A Conversation with Gina Shmukler

Gina Shmukler has been in the entertainment industry since she was six years old. In her career, her theatre work as an actress, director and producer, has garnered ten theatre nominations and four awards across different genres ranging from Mamma Mia and Chess, to Master Class and Silk Ties. In 2013, after completing her Master’s Degree in Drama at the University of Witwatersrand, Gina was the proud recipient of the Dr Sibongile Khumalo Creative Research Award. Her select directorial credits include; The Line, Lost in the Stars, Songs for a New World, The Market Theatre’s Brer Rabbit, Beautiful Creatures, Love: A Musical Revue, The Last Five Years and The Whole Megillah. Having taken a performance hiatus, Gina returned to the stage in 2017 in Mike van Graan’s Helen of Troyeville. At the end of 2018, she returned to her musical theatre roots by stepping into Aunty Merle the Musical, which makes its way to Joburg Theatre following three sold-out engagements in Cape Town.

Who or what inspired you to pursue a career in the arts?

I would have to say my sisters. My older sister had just done The Sound of Music for Brickhill/Burke. I was six years old and the next show they were doing was Annie. I auditioned for Annie and the theatre bug bit. 

Did you ever consider doing anything else?

I did. I had kind of been a child performer and worked through high school and then when I matriculated, I thought I would go into advertising. I think when I grew up a little bit, I would have loved to be an investigative journalist. I went to do some interviews for advertising and then I went to do auditions for drama school and drama school said, “You’re in,” first and I said, “Ok, that’s that.”

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Photo credit: Candice van Litsenborgh

What was it that attracted you to Aunty Merle: The Musical?

I have to share something with you that is rather funny. The first show that I ever did at drama school was directed by Lara Foot and I haven’t worked with Lara, as an actress, since. She’s taken two of my shows to the Baxter but that was the last time I was directed by her. I actually have had a hiatus from performing because I have a child and certainly performing outside of Joburg seemed completely unmanageable. They called me from the Baxter and said, “Do you want to do Aunty Merle?” I wasn’t actually sure what it was because in Joburg, Cape Town is another country. They said it’s directed by Lara Foot: tick. It’s a new South African musical: tick. Marc Lottering: tick. They made it incredibly easy to just say yes. It was going to be Cape Town in December and I really had been saying to a friend of mine that I was dying to get back on stage. It just felt like all the things just matched up. I spoke to a few people from the cast and all of them were like, “Best experience! Just say yes.” It was kind of a just say yes moment and the Baxter just made it incredibly easy from a negotiating point of view. But I will say that I did not know what role I was even playing. I kind of just went, “It’s Lara. I’m going to get directed by a real director and it’s a new South African work. Let’s just do it.” It was quite challenging to do this role.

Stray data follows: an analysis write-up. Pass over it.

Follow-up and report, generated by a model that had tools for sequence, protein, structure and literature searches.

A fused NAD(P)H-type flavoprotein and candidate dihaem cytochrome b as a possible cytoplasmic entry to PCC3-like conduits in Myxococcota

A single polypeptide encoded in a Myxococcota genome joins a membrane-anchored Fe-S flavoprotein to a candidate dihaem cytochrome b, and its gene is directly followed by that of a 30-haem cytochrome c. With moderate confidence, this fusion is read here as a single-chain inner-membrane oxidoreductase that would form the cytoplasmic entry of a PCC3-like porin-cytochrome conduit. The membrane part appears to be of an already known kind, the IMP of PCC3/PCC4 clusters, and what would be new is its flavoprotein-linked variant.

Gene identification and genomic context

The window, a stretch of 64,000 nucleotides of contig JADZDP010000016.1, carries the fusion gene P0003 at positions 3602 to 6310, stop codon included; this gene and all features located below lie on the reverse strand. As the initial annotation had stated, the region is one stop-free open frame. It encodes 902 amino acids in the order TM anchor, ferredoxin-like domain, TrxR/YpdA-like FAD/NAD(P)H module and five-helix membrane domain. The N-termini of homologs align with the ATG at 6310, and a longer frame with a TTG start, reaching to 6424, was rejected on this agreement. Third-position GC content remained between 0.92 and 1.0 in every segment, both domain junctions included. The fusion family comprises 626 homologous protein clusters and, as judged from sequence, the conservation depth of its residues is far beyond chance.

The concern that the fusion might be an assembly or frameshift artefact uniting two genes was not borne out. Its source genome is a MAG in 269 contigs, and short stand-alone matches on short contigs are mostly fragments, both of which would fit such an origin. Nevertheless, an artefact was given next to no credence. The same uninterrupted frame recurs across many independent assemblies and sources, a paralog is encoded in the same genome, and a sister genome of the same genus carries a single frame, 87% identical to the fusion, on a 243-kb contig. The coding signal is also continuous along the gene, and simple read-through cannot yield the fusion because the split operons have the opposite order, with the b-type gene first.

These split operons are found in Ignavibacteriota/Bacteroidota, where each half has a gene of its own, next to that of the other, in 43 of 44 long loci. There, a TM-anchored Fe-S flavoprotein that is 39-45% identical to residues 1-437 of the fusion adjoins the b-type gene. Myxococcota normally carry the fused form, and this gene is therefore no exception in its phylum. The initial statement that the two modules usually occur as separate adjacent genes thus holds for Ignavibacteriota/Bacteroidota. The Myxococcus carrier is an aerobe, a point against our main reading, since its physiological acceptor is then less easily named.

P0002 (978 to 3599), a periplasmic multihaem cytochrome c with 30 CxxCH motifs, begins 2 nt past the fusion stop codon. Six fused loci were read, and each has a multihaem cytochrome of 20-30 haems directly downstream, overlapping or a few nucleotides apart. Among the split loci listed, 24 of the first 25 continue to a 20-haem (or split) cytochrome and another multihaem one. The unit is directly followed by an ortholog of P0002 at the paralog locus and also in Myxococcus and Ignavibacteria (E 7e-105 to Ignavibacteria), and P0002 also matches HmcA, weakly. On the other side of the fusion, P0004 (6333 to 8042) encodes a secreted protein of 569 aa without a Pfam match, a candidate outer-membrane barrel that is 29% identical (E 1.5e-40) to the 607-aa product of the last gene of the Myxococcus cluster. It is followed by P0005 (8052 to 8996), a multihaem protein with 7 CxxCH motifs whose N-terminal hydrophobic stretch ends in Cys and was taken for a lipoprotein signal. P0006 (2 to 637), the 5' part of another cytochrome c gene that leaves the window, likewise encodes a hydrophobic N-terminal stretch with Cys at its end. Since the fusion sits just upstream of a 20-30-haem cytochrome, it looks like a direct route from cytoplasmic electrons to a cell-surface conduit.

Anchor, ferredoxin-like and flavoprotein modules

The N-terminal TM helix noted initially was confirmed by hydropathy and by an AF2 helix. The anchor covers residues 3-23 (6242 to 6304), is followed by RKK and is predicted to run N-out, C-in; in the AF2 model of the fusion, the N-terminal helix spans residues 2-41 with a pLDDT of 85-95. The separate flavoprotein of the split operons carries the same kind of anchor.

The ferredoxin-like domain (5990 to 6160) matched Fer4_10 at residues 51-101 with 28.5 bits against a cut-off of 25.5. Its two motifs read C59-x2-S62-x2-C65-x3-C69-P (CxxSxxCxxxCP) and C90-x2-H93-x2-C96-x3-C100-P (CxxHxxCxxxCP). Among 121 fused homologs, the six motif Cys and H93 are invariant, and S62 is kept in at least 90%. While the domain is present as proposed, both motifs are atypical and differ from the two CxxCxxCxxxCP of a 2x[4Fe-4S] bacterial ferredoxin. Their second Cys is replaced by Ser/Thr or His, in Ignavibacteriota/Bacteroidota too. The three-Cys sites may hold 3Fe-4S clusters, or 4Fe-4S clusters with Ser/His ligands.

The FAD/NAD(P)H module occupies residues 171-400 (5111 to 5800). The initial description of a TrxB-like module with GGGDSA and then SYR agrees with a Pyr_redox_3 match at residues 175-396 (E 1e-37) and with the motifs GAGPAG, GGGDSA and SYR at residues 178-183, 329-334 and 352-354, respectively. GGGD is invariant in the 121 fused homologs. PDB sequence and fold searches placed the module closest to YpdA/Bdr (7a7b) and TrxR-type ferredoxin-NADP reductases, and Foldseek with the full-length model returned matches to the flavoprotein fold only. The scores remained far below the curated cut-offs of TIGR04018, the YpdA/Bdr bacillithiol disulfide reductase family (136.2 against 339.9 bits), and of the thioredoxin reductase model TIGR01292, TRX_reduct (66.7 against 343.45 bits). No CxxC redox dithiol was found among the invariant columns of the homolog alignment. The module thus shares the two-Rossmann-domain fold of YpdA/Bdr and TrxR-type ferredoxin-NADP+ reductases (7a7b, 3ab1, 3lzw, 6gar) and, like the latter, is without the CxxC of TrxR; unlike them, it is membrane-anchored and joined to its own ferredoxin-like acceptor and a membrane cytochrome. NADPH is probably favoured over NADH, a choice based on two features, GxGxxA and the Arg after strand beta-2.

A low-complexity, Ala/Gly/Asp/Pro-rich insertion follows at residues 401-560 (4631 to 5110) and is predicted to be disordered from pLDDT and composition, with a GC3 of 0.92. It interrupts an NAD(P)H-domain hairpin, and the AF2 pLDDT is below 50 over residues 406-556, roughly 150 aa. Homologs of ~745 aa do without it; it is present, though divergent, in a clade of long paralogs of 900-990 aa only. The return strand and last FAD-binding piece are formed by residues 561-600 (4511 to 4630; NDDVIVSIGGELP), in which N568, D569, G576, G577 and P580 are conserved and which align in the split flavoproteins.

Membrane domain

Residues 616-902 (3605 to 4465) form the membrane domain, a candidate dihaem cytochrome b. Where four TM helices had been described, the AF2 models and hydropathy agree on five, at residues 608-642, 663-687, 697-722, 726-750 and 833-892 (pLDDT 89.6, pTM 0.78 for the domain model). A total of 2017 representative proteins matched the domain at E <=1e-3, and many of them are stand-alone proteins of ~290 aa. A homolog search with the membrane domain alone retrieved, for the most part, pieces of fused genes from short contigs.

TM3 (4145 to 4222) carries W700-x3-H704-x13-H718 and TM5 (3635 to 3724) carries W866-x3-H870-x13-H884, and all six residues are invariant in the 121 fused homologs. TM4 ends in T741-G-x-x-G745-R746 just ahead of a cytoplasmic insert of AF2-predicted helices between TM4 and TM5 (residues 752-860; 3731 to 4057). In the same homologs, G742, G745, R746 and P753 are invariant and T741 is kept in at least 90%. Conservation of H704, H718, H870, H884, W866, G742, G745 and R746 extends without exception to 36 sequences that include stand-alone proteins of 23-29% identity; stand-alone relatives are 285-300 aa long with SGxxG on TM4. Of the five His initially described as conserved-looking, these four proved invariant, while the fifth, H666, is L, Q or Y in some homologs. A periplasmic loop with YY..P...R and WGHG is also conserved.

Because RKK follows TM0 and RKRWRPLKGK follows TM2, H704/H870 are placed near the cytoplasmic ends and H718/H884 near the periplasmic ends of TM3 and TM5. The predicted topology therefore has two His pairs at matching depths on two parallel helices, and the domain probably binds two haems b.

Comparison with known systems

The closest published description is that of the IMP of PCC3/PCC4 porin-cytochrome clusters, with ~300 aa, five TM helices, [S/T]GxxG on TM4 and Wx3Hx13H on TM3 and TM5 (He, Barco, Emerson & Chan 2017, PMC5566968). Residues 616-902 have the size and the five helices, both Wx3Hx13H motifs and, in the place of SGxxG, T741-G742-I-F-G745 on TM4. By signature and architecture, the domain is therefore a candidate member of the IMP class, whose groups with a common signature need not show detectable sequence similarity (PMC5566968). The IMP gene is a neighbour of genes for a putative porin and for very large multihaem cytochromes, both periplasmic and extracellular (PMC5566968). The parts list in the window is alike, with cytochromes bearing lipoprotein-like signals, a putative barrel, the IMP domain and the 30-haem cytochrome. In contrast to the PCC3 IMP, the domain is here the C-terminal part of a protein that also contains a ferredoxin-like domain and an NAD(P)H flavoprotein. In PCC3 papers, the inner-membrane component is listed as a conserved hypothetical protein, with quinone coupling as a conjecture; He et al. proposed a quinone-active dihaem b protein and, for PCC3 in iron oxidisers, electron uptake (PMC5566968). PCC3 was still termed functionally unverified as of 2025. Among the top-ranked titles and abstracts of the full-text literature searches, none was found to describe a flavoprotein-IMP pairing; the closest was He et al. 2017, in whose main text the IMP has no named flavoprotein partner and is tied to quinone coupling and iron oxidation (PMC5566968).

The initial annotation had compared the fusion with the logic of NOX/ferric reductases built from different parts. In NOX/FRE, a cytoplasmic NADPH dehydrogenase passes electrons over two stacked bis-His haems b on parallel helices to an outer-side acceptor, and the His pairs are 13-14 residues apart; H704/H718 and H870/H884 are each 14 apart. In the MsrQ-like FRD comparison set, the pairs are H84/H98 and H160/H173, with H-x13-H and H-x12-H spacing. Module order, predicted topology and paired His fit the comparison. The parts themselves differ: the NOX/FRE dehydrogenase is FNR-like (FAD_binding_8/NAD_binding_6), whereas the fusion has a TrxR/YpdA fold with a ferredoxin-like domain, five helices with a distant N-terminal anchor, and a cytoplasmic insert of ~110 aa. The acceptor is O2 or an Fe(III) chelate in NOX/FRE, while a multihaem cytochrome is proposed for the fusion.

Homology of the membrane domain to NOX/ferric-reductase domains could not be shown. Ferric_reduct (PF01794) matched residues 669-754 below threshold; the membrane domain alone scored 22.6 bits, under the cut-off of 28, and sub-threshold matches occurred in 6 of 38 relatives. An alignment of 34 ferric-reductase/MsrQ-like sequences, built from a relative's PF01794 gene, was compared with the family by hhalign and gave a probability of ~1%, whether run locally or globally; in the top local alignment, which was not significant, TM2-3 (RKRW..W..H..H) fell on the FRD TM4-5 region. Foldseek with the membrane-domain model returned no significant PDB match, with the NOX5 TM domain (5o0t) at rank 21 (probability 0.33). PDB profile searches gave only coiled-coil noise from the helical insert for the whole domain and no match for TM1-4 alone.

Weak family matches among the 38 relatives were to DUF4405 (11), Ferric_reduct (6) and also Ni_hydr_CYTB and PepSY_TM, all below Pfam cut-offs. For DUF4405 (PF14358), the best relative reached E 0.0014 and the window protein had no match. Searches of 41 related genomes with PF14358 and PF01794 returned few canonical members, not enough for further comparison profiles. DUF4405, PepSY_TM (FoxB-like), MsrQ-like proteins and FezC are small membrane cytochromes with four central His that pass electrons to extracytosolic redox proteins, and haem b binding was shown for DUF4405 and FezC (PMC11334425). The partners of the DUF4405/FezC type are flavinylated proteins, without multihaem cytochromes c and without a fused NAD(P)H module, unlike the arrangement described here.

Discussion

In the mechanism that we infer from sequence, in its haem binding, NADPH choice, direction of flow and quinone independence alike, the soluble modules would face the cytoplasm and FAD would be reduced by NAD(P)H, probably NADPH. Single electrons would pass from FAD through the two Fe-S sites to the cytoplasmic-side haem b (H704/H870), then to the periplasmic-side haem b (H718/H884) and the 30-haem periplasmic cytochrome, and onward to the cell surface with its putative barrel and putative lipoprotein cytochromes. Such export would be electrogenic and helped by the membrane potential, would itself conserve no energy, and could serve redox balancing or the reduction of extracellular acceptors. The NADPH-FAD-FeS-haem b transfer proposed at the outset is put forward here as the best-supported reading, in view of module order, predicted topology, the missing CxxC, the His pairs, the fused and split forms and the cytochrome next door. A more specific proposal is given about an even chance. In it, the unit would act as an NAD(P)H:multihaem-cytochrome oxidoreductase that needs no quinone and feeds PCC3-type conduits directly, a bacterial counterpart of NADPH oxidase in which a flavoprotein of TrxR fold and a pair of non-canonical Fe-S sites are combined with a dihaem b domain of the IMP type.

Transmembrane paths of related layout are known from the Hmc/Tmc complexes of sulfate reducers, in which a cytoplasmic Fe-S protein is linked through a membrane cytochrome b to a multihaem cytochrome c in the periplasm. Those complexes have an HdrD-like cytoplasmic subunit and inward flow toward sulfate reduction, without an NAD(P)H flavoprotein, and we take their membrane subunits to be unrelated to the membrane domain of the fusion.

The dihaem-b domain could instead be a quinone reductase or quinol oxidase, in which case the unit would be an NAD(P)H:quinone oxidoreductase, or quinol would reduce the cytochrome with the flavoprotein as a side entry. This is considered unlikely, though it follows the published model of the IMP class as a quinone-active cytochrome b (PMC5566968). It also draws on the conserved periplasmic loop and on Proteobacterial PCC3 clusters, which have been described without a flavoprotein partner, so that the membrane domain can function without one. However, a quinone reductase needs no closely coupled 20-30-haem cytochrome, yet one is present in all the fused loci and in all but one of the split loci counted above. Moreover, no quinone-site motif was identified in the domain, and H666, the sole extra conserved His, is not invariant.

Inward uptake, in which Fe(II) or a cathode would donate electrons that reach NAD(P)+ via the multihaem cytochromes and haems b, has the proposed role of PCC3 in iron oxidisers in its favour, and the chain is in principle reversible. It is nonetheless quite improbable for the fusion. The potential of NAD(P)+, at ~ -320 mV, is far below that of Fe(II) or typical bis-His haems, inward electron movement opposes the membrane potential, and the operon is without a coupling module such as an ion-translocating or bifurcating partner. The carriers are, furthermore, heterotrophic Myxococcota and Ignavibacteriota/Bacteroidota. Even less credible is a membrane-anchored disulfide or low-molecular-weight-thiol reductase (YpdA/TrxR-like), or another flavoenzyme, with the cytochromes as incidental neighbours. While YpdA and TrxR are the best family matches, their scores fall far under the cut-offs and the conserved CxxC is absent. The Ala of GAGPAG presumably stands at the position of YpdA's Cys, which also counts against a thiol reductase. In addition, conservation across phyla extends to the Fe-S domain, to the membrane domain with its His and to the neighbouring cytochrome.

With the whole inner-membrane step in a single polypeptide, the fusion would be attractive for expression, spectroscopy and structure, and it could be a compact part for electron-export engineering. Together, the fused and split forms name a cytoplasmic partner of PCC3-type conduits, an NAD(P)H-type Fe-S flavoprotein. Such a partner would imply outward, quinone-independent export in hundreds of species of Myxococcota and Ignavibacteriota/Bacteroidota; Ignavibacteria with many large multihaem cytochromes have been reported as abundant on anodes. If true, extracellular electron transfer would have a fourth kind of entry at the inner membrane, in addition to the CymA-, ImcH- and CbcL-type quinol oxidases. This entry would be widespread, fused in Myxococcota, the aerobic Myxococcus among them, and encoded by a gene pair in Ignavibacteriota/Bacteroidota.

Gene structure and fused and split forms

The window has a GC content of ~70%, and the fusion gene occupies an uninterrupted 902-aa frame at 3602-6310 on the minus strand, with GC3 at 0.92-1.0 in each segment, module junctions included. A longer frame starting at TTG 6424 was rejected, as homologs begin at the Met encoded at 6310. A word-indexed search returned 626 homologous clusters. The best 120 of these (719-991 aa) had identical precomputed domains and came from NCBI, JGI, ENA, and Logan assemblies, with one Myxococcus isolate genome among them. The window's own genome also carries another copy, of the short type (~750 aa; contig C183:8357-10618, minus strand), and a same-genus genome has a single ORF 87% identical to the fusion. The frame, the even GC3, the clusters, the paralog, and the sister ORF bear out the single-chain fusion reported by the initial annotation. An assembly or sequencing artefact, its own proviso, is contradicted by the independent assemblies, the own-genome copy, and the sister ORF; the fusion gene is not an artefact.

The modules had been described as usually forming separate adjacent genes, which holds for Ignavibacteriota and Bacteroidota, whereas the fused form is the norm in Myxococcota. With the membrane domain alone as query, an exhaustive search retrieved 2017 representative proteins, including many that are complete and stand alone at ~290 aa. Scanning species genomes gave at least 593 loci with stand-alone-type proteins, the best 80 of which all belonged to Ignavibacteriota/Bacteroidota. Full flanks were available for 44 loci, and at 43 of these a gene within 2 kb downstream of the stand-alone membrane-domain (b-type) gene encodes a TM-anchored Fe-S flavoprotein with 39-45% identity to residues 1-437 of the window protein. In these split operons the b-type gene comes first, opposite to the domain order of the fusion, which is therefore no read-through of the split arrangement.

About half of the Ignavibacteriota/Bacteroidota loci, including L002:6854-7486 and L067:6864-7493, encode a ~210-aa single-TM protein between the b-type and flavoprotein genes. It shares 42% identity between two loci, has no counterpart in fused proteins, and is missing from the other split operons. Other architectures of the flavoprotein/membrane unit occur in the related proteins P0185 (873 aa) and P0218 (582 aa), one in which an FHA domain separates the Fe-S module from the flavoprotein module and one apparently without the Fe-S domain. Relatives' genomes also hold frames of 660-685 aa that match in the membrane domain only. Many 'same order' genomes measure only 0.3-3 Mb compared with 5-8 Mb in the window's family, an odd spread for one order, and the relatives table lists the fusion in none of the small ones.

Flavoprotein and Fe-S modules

I’m sure! And especially because you’ve come into this and are replacing a cast member. 

Exactly.

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Photo credit: Candice van Litsenborgh

How did the rehearsal process differ for you?